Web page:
Scotland Loves Local Climate Town Award
Winner: Nairn Business Improvement District, Nairn Community and Arts Centre, Green Hive and Nairn Bowling Club
An alliance leading the charge towards net zero is blazing a trail for other towns to follow.
Nairn’s success in reducing their carbon footprint – and helping others to do the same – saw the community lift the Scotland Loves Local Climate Town Award.
The accolade recognises the work ongoing in response to the climate emergency and in forging a cleaner, greener and more sustainable future.
Judges said: “Nairn is a fantastic example of what teamwork can achieve.”
Nairn Business Improvement District (BID), Nairn Community and Arts Centre, Green Hive and Nairn Bowling Club have been on the frontline of the town’s drive towards net zero.
Together, they have taken action to show the difference that the likes of installing solar power, energy efficient windows and eliminating single-use plastics, as well as encouraging the use of electric vehicles makes. They are now supporting other local businesses to reduce their emissions.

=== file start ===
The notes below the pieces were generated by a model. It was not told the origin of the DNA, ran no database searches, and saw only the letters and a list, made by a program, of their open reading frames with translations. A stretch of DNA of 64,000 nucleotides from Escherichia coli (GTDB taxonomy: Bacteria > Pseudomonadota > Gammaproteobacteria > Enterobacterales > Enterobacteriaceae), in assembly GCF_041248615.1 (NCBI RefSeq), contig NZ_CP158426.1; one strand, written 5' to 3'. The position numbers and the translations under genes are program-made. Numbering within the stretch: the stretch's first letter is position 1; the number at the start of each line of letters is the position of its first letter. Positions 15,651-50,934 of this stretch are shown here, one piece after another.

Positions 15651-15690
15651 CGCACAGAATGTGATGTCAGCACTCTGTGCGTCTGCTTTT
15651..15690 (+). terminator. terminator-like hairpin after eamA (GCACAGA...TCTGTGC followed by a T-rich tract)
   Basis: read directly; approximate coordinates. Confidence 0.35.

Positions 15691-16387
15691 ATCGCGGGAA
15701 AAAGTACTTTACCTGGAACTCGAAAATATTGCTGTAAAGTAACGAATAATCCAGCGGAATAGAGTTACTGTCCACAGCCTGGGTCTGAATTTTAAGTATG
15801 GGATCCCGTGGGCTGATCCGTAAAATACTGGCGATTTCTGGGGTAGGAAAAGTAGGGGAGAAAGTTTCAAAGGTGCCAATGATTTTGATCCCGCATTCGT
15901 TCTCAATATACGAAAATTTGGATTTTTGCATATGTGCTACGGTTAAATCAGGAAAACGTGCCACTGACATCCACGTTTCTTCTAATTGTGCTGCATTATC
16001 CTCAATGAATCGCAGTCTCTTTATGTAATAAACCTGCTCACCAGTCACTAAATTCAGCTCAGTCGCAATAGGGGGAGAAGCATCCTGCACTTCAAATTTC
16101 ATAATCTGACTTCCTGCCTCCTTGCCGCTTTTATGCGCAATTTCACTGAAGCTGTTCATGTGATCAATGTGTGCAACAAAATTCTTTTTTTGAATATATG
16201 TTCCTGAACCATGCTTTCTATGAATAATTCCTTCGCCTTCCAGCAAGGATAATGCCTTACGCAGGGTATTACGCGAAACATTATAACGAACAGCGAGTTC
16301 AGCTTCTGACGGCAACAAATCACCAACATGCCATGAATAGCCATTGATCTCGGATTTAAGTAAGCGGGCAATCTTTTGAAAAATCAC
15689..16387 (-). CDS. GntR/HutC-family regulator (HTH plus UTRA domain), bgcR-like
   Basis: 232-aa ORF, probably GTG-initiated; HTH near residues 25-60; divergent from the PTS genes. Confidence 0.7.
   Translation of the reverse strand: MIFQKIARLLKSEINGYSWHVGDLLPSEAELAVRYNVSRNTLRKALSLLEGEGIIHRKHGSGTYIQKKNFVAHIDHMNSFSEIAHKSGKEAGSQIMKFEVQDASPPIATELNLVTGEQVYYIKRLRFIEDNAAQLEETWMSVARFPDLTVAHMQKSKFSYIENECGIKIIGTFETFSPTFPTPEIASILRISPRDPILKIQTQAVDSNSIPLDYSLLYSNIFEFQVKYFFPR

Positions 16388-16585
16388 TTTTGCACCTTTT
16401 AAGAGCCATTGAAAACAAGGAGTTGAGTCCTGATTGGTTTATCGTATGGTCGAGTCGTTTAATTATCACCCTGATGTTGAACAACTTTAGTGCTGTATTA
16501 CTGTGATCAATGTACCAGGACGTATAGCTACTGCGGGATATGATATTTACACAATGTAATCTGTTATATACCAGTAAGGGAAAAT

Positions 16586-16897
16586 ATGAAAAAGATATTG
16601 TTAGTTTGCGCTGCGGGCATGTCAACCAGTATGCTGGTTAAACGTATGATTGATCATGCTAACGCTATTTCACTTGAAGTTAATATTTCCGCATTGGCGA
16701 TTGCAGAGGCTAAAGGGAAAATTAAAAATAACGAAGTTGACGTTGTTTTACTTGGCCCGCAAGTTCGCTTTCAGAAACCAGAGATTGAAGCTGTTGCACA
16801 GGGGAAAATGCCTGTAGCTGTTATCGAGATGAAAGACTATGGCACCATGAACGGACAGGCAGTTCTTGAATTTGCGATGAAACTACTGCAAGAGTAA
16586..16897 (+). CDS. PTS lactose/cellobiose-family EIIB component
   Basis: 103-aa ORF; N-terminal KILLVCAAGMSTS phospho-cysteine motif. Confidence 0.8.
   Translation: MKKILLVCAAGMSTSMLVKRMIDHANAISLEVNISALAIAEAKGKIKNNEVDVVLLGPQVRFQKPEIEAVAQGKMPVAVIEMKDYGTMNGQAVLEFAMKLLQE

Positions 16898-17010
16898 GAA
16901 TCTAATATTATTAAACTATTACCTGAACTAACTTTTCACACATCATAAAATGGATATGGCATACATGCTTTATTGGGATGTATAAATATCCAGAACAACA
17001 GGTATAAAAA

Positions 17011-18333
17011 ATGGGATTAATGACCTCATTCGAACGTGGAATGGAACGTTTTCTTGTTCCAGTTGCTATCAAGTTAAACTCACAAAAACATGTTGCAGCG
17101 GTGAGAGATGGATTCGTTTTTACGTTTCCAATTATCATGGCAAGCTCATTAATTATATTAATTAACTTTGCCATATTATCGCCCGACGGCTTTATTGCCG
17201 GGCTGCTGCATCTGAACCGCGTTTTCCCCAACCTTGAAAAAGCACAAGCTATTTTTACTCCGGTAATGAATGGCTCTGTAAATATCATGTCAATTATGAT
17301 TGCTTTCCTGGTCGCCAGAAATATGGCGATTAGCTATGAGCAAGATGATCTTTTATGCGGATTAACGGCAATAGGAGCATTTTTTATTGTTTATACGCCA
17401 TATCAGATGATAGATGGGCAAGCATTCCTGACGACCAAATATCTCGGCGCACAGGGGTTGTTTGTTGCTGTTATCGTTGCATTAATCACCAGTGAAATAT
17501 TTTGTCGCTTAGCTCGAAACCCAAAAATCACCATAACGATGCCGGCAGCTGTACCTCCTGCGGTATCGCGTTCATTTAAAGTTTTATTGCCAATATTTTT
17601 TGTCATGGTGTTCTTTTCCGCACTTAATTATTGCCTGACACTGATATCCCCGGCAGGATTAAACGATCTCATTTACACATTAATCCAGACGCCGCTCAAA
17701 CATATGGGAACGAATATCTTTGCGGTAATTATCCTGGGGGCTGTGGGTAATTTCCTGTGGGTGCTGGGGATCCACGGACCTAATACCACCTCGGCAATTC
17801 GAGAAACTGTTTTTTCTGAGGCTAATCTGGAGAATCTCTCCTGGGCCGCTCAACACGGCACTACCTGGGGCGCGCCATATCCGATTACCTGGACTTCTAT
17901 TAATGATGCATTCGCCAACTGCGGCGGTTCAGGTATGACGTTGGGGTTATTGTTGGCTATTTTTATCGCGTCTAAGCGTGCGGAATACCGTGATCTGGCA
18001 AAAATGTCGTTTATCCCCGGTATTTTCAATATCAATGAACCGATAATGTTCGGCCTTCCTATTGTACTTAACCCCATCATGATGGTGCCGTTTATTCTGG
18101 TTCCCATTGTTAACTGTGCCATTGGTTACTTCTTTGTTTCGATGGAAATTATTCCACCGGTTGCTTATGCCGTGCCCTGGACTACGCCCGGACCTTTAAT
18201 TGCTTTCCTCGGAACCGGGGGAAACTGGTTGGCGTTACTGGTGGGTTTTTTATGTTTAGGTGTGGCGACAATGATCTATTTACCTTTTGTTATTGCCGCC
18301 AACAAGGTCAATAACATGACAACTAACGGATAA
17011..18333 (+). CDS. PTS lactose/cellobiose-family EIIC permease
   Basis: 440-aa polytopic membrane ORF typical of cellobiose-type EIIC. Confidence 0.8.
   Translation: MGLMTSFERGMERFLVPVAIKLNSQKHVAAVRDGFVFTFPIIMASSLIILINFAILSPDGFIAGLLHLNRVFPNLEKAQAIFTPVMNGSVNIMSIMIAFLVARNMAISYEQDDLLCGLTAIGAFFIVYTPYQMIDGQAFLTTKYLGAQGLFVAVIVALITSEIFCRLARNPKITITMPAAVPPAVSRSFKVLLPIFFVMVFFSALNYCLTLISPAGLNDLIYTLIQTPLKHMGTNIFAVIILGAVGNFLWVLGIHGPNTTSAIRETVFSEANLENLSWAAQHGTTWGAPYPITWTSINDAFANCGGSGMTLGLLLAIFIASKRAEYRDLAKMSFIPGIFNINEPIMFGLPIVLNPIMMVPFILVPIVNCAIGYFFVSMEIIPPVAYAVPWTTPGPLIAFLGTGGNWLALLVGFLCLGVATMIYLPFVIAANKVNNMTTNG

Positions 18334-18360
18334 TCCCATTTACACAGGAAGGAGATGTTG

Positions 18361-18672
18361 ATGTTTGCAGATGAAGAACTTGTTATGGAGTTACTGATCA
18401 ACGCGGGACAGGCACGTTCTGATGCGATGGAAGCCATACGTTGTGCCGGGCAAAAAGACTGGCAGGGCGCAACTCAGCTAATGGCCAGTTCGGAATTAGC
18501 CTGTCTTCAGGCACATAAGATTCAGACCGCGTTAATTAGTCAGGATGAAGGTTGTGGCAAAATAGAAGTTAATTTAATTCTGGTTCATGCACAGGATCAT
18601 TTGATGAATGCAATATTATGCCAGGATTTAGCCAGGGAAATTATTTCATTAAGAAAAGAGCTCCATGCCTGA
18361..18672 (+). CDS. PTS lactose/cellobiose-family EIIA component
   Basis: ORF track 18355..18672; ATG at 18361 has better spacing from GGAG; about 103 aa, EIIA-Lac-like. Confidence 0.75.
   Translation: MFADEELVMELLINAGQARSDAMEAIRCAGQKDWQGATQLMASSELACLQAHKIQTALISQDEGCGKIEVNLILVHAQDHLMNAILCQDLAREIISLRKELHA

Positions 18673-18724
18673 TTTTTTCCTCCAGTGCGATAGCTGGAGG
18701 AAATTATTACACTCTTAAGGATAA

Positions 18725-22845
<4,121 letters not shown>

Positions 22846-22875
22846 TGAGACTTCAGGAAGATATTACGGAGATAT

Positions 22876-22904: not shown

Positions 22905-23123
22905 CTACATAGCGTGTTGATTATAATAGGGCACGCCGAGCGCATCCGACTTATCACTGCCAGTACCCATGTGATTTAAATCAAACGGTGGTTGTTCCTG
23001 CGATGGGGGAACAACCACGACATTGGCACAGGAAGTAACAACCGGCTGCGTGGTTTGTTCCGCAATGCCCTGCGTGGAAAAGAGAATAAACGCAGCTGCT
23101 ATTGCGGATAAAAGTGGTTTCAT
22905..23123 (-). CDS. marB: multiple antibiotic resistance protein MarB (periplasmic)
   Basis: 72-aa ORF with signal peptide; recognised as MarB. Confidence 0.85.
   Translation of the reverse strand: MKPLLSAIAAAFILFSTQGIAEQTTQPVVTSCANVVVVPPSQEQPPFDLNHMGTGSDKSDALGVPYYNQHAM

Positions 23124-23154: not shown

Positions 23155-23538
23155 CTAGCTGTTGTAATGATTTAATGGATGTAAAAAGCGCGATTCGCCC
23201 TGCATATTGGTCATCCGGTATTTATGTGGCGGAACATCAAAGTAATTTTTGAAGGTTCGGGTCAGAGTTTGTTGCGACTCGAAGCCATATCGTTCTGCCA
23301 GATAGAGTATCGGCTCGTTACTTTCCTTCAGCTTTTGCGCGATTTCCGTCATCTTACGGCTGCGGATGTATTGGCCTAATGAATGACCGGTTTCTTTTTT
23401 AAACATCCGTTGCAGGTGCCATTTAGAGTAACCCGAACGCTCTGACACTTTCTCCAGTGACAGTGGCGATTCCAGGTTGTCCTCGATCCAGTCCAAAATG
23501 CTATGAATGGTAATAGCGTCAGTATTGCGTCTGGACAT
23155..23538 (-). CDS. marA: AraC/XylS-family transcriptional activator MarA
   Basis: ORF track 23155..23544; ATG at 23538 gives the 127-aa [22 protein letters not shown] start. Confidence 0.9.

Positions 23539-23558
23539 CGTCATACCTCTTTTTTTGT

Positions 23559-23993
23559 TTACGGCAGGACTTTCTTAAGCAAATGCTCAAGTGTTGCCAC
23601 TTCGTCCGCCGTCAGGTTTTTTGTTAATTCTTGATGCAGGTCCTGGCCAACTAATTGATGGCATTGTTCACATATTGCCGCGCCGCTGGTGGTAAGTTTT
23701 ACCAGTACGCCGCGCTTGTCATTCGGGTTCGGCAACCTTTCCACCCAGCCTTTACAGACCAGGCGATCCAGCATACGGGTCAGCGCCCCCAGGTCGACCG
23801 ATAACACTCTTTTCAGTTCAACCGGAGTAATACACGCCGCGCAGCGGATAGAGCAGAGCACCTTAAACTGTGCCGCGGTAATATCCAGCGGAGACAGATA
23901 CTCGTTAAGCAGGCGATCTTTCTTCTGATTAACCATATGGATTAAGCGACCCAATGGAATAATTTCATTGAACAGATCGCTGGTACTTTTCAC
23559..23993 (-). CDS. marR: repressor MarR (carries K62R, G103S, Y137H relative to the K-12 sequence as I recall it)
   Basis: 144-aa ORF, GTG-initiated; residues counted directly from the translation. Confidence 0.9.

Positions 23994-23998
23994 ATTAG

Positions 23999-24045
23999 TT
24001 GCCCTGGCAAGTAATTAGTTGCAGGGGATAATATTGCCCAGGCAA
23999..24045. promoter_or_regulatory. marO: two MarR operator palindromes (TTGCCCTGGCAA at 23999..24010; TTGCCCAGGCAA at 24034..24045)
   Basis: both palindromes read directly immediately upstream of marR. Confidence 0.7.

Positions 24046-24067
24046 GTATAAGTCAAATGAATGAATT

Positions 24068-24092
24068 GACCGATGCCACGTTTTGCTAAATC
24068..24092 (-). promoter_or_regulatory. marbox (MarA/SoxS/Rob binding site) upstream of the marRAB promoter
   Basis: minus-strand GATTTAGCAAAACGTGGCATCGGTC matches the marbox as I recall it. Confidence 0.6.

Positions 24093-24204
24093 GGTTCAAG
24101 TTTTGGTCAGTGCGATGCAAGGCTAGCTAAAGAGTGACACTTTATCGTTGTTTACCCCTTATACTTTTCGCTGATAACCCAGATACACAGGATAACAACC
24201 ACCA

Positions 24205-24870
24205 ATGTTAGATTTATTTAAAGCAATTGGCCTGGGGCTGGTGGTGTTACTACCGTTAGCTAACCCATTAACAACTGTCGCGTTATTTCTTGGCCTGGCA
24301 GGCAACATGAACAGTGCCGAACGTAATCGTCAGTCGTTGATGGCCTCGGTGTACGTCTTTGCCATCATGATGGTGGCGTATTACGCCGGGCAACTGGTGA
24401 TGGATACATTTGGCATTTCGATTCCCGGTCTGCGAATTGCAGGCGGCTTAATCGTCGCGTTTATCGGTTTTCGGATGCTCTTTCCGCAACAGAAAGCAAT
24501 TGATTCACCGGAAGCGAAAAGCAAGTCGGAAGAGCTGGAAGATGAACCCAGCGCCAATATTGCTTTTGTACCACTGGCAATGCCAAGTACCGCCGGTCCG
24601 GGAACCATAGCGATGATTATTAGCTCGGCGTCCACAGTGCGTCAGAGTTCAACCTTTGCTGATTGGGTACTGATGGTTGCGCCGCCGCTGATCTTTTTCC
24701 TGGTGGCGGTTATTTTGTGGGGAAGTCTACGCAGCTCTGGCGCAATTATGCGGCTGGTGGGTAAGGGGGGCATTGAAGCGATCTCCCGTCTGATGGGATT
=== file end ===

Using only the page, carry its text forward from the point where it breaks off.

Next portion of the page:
Interviewed as part of the Scotland Loves Local Awards showcase, Nairn BID manager Lucy Harding said: “The example we are setting by improving the sustainability of this building is noticed by the whole community.
“The bowling club, community centre and Green Hive have all worked with Zero Waste Scotland to reduce their carbon footprint. The EV point here at the community centre is a really important resource for people with electric vehicles.”
On the wider impact of work to support the town, she added: “The things we have been able to achieve around Nairn this year have been stunning. We have put in new signposts, new maps, cycle paths and active travel.
“It has really enhanced the environment of Nairn to make it much more attractive for locals and visitors alike. Nairn is a great place to live, work and visit.”
Runners - Up
Greener Kirkcaldy: Since 2010, the organisation has helped its community to save more than 130,000 tonnes of carbon with initiatives including reducing energy use and waste and growing food. It says 40,000 people have taken part in its projects, with work including a community bike shop to encourage greener travel and improvements to green spaces.
LEAP, Greater Glasgow: The charity provides befriending services, a free handyperson service, activities to people aged 50 and over. It also operates clothing swap shop boutiques to extend the life of clothing and stop them going to landfill. Revolve Recycle is said to be unique in reducing waste while promoting swapping, sharing, mending and making. Its work involves operating three swap shops as well as other initiatives.
Climate Town was sponsored by Historic Environment Scotland and Collective Architecture